Movie Review: “This Beautiful Fantastic” is ever so English, and just above average


They didn’t have a word for it, not one that had the right measure of cute, quaint and sentimental blended in. So the English invented “twee.”

It was made for movies such as “This Beautiful Fantastic,” a quirky-cute English romance about an orphan rescued by ducks, a grumpy-poetic old man rescued by an adorable new neighbor and a garden.

Oh so English. Ever so twee.

In writer-director Simon Aboud’s confection, Bella Brown, played by Jessica Brown Findlay (“Downton Abbey,” “Winter’s Tale”) is a foundling kept warm by a flock of ducks until she was discovered by the English park lake and whisked away to a Catholic orphanage.

Years later, she’s grown up with a lifelong aversion to nature, a morbid OCD fear of disorder and the perfect job for someone with those traits — junior librarian and aspiring children’s fiction writer.

But when she’s not being shushed and scolded by the metaphorically named Bramble (Anna Chancellor), she keeps a tidier than tiny house. Her over-organized pantry is like “a food prison,” her one visitor notes.

Her crusty, twinkly and bookish old neighbor narrates our story, and you have two guesses as to who plays him. No, not Jim Broadbent. Tom Wilkinson.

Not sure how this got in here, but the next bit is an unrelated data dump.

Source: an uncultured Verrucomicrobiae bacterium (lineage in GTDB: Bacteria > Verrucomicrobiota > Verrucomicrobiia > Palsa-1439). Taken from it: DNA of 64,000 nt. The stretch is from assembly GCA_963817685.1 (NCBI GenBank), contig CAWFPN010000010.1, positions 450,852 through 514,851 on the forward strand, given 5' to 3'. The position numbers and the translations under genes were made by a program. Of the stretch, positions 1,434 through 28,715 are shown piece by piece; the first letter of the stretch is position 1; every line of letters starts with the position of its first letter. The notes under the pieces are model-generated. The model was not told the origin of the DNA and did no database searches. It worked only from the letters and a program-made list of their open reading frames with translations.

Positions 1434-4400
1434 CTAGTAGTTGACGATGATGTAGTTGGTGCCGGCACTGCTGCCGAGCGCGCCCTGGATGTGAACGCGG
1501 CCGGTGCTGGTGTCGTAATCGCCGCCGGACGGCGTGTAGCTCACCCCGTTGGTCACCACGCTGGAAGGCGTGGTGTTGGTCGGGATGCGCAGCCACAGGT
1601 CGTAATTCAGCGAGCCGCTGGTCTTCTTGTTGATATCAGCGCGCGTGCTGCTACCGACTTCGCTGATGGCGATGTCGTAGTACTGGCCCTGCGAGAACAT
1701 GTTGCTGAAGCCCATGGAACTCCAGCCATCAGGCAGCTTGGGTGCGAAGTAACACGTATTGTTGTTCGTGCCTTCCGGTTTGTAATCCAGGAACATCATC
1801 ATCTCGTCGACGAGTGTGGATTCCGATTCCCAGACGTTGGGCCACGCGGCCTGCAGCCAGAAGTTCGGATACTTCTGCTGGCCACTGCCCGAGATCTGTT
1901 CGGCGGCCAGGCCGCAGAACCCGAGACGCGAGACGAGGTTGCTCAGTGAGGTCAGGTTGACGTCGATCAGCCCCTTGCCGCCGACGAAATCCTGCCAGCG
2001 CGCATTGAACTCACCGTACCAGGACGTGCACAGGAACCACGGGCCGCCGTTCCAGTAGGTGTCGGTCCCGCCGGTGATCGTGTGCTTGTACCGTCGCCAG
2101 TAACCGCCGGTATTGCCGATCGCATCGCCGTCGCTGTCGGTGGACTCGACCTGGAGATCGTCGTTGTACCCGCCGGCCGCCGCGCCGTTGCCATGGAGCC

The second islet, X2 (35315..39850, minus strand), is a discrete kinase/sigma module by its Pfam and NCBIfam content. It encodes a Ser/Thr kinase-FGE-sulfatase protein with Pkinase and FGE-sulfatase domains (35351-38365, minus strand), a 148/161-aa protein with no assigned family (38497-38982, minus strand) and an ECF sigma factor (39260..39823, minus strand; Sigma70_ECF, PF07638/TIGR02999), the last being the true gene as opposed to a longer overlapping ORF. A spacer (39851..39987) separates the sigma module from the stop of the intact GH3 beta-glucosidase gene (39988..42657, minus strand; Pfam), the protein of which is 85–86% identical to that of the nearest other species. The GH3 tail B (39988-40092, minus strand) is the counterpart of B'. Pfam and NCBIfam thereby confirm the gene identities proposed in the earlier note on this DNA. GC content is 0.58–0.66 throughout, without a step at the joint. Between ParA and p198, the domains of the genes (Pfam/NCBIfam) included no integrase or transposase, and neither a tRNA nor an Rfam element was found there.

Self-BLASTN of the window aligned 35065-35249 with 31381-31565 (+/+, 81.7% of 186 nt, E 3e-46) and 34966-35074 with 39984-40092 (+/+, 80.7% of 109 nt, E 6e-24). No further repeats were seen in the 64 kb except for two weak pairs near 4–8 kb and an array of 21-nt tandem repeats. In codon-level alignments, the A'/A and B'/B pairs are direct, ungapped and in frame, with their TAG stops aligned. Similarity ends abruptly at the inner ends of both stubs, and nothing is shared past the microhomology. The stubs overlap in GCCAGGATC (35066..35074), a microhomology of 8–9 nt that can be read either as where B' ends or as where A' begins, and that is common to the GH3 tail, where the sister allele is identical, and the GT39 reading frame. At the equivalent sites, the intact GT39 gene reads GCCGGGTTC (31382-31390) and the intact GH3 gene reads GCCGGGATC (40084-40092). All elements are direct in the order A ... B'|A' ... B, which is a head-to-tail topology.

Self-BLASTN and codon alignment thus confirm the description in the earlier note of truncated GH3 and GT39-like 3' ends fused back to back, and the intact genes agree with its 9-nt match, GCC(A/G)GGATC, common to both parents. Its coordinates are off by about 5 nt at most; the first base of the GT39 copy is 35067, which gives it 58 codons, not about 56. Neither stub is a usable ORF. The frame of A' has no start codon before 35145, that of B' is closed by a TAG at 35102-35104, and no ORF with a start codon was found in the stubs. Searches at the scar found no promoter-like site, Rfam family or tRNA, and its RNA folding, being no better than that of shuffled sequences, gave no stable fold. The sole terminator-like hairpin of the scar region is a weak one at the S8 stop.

Alfred “Alfie” Stevens is a bully and a brutal wit. It doesn’t matter how neat Bella keeps the inside of the house,  it’s the garden this “horticultural terrorist” has let go that enrages him.

“You have squandered everything Nature has given you!”

He must force her into the yard, into the dirt, into “the beautifully ordered chaos.”

fantastic2His Irish cook (Andrew Scott) is sympathetic, widowed with two little girls, and smitten. And Vernon-the-cook isn’t alone. There’s this odd duck (ahem) at the library, a noisy/rule-breaking nerd (Jeremy Irvine) with a thing for artist inventors who is enchanted by Bella, and has more of her attention.

Aboud, whose first feature was a heist picture “Comes a Day,” and is best known as Paul McCartney’s son-in-law, unravels this plot in the most predictable ways. Bella’s magical-realism orphanhood is a non-starter, and introducing Bella’s desire to learn Gaelic may be a dead end. Why exactly does she wear only greys and blacks?

But everything else in this sweet nothing of a romance you see coming a furlong away.

Still, Findlay and Scott don’t force their charm on us, Wilkinson makes the aphorisms, anecdotes and literary quotations poetic and warm. So much of it takes place in the flowers and brambles of a garden that this verdant movie smells like spring.

And Aboud has one character utter the most revealingly English line I’ve ever heard in a screen comedy, one that can be applied to the slight charms of his little romance.

“To say ‘No’ would be rude.”


MPAA Rating: PG for some thematic material and language

Cast: Jessica Brown Findlay, Tom Wilkinson, Andrew Scott, Anna Chancellor

Credits:Written and directed by Simon Aboud. A Samuel Goldwyn release.

Running time: 1:32

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